At Swiftlane, we are constantly thinking about the future of access control. A huge shift in the industry is coming due to the need for touchless access systems, remote first management, and use of privacy-first face recognition-based access. Here’s how we view the future of access control.
For such a basic concept, access control has a way of abruptly adjusting to business and societal trends and events. Round the clock production and 24/7 operations ushered in time- and zone-based access control. The Oklahoma City bombing turned attention to standoff distance. 9/11 made x-rays and magnetometers standard at high-security sites. The Information Age brought access control to the virtual world, including cloud-based and SaaS models, and adding sophisticated analytics. The invention and ubiquity of the smartphone has made that tool into a de facto user credential.
Now comes Covid-19 to harken yet another shift, likely to touchless systems.
A 2019 survey of 473 security directors, managers, and consultants conducted by HID Global and Security Management magazine identified the top access control concerns at that time: integration with legacy systems (45 percent); taking advantage of features in new technologies (39 percent); protection against increasing vulnerabilities (38 percent), user convenience and throughput at entrances (36 percent); and making physical access processes simpler with digital administration.
Given the extensive office closings during the Coronavirus pandemic, and the reluctance of many workers to return to the office, it wouldn’t be surprising to see user convenience and throughput leapfrog the other concerns to assume the top position.
Meanwhile, the 2019 year-end report from Imperial Capital, which tracks the security industry, concludes that the identity and authentication sector exceeded all other security sectors between 2018 3Q and 2019 3Q, with a 35.1% gain in company valuation multiples.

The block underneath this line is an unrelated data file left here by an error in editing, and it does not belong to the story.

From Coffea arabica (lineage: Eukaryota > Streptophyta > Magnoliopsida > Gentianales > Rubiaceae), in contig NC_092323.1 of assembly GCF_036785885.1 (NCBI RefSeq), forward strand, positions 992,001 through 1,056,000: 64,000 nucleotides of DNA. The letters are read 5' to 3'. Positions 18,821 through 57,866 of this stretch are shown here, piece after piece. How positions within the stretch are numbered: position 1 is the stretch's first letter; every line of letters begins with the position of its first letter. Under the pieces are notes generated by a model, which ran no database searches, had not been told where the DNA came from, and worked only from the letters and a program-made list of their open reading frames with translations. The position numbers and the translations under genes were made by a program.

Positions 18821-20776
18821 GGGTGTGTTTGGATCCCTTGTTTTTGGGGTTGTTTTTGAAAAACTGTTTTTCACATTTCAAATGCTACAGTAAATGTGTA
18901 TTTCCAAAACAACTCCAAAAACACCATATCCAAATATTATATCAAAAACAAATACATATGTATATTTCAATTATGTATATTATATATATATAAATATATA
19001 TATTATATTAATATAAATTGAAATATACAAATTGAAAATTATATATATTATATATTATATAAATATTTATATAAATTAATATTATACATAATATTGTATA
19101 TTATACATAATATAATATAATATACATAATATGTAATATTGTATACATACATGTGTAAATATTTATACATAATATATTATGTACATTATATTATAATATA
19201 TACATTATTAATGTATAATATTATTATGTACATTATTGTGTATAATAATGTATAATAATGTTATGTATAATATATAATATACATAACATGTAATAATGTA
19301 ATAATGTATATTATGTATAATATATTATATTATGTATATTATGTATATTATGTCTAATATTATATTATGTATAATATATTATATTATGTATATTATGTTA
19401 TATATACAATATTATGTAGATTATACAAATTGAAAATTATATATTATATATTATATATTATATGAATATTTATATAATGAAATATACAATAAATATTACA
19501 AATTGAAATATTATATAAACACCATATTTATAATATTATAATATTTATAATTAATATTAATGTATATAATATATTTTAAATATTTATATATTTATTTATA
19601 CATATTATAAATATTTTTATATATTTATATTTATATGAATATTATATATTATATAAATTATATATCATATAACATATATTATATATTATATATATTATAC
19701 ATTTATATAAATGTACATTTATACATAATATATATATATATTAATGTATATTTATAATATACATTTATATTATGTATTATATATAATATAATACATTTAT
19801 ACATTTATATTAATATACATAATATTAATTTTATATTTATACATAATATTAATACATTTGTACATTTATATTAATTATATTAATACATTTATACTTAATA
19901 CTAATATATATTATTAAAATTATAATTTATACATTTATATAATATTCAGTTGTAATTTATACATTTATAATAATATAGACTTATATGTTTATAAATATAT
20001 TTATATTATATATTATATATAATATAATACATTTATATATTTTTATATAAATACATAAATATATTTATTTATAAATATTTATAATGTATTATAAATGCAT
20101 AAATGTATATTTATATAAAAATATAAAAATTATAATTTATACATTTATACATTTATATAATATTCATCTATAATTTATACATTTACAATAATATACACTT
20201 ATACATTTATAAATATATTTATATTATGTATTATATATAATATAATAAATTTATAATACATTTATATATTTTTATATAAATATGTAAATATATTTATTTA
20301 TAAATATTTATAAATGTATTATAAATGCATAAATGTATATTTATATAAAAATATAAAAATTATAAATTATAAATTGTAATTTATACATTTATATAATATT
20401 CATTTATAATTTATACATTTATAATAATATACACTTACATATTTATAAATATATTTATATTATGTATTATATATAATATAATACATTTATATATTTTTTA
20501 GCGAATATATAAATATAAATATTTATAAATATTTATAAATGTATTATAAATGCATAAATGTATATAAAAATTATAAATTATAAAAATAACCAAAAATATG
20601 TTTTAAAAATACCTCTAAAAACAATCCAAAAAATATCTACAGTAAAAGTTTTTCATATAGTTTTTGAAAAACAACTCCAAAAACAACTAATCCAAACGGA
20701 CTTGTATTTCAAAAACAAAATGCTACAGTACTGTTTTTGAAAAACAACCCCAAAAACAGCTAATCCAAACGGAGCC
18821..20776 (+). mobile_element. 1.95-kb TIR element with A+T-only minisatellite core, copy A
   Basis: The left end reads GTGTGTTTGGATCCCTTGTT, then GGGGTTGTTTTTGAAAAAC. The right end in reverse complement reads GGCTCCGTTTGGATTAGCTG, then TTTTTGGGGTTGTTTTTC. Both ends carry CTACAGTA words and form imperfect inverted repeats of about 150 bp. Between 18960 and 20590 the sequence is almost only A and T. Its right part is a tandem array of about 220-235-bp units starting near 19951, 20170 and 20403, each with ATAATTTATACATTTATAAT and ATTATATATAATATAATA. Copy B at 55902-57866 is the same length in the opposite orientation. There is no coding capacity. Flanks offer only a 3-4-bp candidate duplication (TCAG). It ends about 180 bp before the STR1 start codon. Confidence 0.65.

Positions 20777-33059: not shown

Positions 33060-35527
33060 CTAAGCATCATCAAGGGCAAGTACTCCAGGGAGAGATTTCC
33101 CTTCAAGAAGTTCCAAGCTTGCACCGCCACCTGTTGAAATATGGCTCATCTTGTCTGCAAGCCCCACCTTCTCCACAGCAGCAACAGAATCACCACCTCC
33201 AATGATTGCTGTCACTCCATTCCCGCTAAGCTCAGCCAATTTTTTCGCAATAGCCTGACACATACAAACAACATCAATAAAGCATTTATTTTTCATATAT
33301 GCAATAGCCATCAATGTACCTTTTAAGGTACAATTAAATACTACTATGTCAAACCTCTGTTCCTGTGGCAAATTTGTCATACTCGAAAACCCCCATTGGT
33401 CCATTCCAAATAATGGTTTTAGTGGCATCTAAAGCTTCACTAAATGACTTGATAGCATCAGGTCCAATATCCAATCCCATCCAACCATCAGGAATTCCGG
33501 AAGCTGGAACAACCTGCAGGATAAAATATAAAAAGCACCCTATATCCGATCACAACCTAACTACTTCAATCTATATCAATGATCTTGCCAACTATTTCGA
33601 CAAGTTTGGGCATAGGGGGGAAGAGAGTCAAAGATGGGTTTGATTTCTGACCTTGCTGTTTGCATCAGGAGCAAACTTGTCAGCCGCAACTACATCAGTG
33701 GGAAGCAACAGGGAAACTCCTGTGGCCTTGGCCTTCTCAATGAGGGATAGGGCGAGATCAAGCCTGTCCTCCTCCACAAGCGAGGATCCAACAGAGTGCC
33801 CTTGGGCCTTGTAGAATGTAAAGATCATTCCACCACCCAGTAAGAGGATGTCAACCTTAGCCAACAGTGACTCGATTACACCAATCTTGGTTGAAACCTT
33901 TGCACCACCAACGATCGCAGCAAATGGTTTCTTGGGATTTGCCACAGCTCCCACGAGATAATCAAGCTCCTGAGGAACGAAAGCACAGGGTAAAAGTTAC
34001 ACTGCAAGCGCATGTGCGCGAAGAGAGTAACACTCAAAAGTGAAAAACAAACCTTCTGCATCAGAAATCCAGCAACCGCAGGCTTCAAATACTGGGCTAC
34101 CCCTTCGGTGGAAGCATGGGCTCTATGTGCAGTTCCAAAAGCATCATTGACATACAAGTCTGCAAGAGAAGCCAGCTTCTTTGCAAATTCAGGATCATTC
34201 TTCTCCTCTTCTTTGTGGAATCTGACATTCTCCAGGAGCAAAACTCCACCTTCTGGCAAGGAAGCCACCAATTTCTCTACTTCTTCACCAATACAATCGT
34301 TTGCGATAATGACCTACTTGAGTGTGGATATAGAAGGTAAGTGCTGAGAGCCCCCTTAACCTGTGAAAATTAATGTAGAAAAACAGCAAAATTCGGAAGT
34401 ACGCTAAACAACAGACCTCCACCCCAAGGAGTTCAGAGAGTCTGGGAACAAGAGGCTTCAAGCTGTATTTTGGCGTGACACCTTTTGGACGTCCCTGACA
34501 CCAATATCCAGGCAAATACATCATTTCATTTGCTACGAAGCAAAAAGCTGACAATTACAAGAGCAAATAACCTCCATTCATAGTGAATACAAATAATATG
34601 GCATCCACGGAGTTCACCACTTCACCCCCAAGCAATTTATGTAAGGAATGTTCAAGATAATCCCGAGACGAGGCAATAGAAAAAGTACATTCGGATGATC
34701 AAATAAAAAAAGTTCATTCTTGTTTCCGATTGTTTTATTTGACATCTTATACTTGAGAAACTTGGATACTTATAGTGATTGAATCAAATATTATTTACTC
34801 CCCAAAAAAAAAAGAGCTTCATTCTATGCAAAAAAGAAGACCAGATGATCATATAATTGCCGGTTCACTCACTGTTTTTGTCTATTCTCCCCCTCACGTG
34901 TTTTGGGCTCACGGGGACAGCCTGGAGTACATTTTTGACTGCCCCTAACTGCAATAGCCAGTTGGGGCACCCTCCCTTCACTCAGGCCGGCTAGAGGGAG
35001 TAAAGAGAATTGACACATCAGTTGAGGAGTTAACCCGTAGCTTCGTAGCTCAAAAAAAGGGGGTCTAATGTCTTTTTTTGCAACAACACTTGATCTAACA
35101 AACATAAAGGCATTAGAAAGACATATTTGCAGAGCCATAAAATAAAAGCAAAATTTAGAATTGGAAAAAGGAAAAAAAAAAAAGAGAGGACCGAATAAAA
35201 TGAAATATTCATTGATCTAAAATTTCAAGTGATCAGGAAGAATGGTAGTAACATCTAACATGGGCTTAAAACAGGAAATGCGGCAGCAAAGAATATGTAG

According to that report:
“Identity and authentication technology, from software to biometric equipment, is continuing to mature, as evidenced by its increasing adoption by an array of government and defense programs in response to increased security threats, international identification programs, as well as increased cloud-based hosted access and ID systems being installed by integrators for both government and commercial sites. The acceptance of analytics, behavior and related biometric modalities … have all played a role in the 50% increase in this sector’s valuation since December 2015.”
In light of the conclusions and projections in surveys and analyses, the effect of covid, the development of new technology, changes in corporate culture, and a doubling down on controlling costs, several major trends influencing the future of access control can be identified. They include hygiene and social distancing, a mobile-first approach, the continued emergence of biometrics, cloud versus edge computing, authentication types, “presence control,” the development of wearable and implantable technology, and cyber and physical integration and convergence.
History of Access Control Technology: From 4000 B.C. to 2020 A.D.
It all started with a lock in Khorsabad Palace in Nineveh, Iraq, around 4000 B.C. At least that’s where the first lock and key can be traced to. Five thousand years later brought the warded lock, the forefather of the padlock, to 9th Century Britain. The Industrial Revolution unleashed a whole new series of locks, including pin tumblers, safety locks, combination locks, and time locks.
The Rise of Electronic Access Control
The age of mechanical locks reigned until the PC ushered in electronic access control, including keycards (starting from swipe and leading to smartcards) and dumb readers. That represented an enormous leap, eliminating the burden of cutting new keys, adding people counting and auditing, creating levels of access, and reducing key copying. With the arrival of the Internet, networking, logical access control, system integration, biometrics, and other innovations, access control became simultaneously more secure and more vulnerable: systems could quickly transfer and analyze data, integrate with other components, scale to large proportions, and allow or deny access to a fine degree. But by doing so it exposed itself to an almost limitless array of cyberthreats.
Access Control Changes for Safety and Social Distancing
Hygiene and Physical Separation: The New Normal?